2. Utilize USPTO’s fast track programs
While the USPTO has made progress in reducing the patent application examination backlog, a typical non-provisional utility application still takes an average of about 15.4 months to receive the first action from the USPTO and about 22.9 months from application filing to patent issuance (28.3 months for applications with request for continued examination).
To beat the USPTO’s wait time, a medtech company should consider utilizing the USPTO’s Track One program. While the USPTO charges an additional fee for this program, the Track One program reduces the time to the first action to an average of 1.8 months. It can result in an issued patent in about half the time of the regular examination, about 10 months from patent application filing to a patent. To fully take advantage of the program, the Track One application should be focused on the commercial embodiment of the product to get the application to allowance and issuance faster. Prior to the first application issuing as a patent, the applicant can file a continuation application with claims of different scope to form a “picket fence” of patent protection around the technology’s core aspects.
Another popular method to accelerate USPTO examination is the Patent Prosecution Highway (PPH). Under the PPH program, the applicant can request an accelerated examination in the USPTO of claims deemed allowable in a corresponding international application, including a PCT application. The applicant may need to narrow the pending claims before the USPTO examination to correspond to the allowable claims outside the United States, but, similar to the Track One program, the applicant will be able to pursue claims with a broader scope of protection in a continuation application.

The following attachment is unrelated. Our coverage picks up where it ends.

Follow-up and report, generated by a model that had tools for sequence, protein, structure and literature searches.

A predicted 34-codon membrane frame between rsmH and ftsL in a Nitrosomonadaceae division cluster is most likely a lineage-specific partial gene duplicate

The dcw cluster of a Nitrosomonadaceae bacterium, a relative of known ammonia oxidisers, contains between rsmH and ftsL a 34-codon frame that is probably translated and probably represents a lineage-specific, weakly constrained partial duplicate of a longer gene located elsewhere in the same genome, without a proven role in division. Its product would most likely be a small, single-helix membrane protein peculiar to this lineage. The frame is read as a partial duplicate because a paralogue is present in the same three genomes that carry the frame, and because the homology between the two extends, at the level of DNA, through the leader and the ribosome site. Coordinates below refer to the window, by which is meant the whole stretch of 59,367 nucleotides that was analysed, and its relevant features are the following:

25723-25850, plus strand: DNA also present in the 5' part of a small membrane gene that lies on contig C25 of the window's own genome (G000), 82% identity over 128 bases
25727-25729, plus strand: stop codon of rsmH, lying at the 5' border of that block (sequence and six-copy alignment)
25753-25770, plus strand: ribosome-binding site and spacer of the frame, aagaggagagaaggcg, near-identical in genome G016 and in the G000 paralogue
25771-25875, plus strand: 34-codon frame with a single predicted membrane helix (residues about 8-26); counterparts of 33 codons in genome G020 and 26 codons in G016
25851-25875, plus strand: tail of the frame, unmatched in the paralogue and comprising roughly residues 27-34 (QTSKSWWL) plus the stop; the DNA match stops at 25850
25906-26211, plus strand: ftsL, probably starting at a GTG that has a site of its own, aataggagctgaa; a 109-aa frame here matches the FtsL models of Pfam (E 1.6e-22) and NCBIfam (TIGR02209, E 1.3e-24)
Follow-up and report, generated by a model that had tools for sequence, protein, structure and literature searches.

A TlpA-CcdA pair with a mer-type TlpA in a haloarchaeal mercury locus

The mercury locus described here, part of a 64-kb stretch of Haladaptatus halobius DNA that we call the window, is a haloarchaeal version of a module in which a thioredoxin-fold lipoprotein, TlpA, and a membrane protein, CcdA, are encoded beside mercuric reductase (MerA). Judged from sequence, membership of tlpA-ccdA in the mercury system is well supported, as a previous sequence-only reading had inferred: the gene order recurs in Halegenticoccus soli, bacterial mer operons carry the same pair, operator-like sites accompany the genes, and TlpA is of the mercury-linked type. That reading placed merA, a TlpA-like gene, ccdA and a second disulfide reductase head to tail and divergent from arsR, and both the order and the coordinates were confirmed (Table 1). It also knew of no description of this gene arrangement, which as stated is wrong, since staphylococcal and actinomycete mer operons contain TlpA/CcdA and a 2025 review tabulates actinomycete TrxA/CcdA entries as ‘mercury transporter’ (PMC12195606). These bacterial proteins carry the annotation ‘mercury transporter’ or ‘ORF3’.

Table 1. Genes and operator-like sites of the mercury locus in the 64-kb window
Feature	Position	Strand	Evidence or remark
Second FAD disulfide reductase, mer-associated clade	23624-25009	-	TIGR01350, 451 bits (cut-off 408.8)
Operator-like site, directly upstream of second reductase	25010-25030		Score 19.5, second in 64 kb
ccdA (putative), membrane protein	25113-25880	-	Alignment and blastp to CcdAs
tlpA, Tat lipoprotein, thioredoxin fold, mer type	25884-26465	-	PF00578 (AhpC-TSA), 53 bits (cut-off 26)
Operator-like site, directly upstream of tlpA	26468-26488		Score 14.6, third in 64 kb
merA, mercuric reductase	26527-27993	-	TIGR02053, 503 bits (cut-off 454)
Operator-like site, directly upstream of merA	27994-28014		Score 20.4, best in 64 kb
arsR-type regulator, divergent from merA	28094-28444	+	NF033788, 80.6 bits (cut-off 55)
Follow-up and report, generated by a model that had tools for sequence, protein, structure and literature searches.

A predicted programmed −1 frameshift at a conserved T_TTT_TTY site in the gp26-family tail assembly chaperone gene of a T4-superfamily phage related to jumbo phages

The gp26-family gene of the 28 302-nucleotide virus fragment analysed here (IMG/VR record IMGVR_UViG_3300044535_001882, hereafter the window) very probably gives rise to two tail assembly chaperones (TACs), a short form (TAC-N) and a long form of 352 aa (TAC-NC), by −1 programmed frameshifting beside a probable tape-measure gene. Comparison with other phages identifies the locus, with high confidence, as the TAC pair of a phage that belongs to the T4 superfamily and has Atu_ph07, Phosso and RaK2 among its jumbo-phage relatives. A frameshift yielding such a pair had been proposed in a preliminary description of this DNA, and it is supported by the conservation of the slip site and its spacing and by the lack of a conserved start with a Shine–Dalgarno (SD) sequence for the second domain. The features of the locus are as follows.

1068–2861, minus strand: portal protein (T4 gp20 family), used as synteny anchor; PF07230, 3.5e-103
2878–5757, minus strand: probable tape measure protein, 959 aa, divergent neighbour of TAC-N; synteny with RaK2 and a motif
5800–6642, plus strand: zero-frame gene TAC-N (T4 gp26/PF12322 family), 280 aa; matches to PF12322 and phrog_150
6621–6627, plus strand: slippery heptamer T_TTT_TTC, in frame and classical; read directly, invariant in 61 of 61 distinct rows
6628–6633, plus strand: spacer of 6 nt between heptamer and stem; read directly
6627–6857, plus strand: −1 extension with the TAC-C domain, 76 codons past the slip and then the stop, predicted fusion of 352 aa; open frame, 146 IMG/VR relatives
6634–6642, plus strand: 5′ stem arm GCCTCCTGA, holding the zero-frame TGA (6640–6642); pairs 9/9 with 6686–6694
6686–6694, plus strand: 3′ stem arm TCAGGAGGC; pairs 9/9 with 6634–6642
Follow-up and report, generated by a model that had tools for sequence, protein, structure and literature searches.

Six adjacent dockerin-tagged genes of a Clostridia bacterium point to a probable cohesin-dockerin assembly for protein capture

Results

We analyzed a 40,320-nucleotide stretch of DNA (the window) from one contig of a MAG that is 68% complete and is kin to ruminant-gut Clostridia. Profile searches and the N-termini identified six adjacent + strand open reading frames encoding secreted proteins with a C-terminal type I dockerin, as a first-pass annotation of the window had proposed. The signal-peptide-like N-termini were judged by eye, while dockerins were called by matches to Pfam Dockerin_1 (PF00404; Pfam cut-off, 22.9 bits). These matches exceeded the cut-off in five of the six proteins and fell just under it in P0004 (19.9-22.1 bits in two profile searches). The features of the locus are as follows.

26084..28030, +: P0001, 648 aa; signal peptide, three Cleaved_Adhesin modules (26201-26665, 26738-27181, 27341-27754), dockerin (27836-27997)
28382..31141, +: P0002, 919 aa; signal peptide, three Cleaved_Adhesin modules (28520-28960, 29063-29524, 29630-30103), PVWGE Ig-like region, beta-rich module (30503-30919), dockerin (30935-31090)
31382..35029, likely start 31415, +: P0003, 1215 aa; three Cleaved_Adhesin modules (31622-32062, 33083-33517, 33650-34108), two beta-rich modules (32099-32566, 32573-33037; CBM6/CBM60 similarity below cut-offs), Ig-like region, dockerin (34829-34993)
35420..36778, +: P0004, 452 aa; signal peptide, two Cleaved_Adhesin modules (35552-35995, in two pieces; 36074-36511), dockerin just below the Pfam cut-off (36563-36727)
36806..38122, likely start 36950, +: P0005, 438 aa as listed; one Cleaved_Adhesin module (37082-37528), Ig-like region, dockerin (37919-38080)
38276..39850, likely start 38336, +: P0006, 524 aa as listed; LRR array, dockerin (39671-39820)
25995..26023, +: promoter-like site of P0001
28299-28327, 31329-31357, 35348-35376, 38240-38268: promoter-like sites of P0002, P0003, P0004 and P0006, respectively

It’s also possible to accelerate a USPTO examination based on the age or health of an inventor. For example, the applicant can request accelerated examination and review if an inventor is at least 65 years old.
The USPTO fast track programs are more expensive than regular examinations, but medtech companies can still utilize these programs for their key patent applications to build a patent portfolio faster
3. License proven technology and patents
A medtech company should consider supplementing its patent portfolio by licensing in third-party patents.
Another benefit of monitoring the patent landscape in the relevant area is to identify potential licensing opportunities. The licensed patents can supplement the company’s patent portfolio to provide broader protection around the company’s technology and offer additional options for patented commercial products.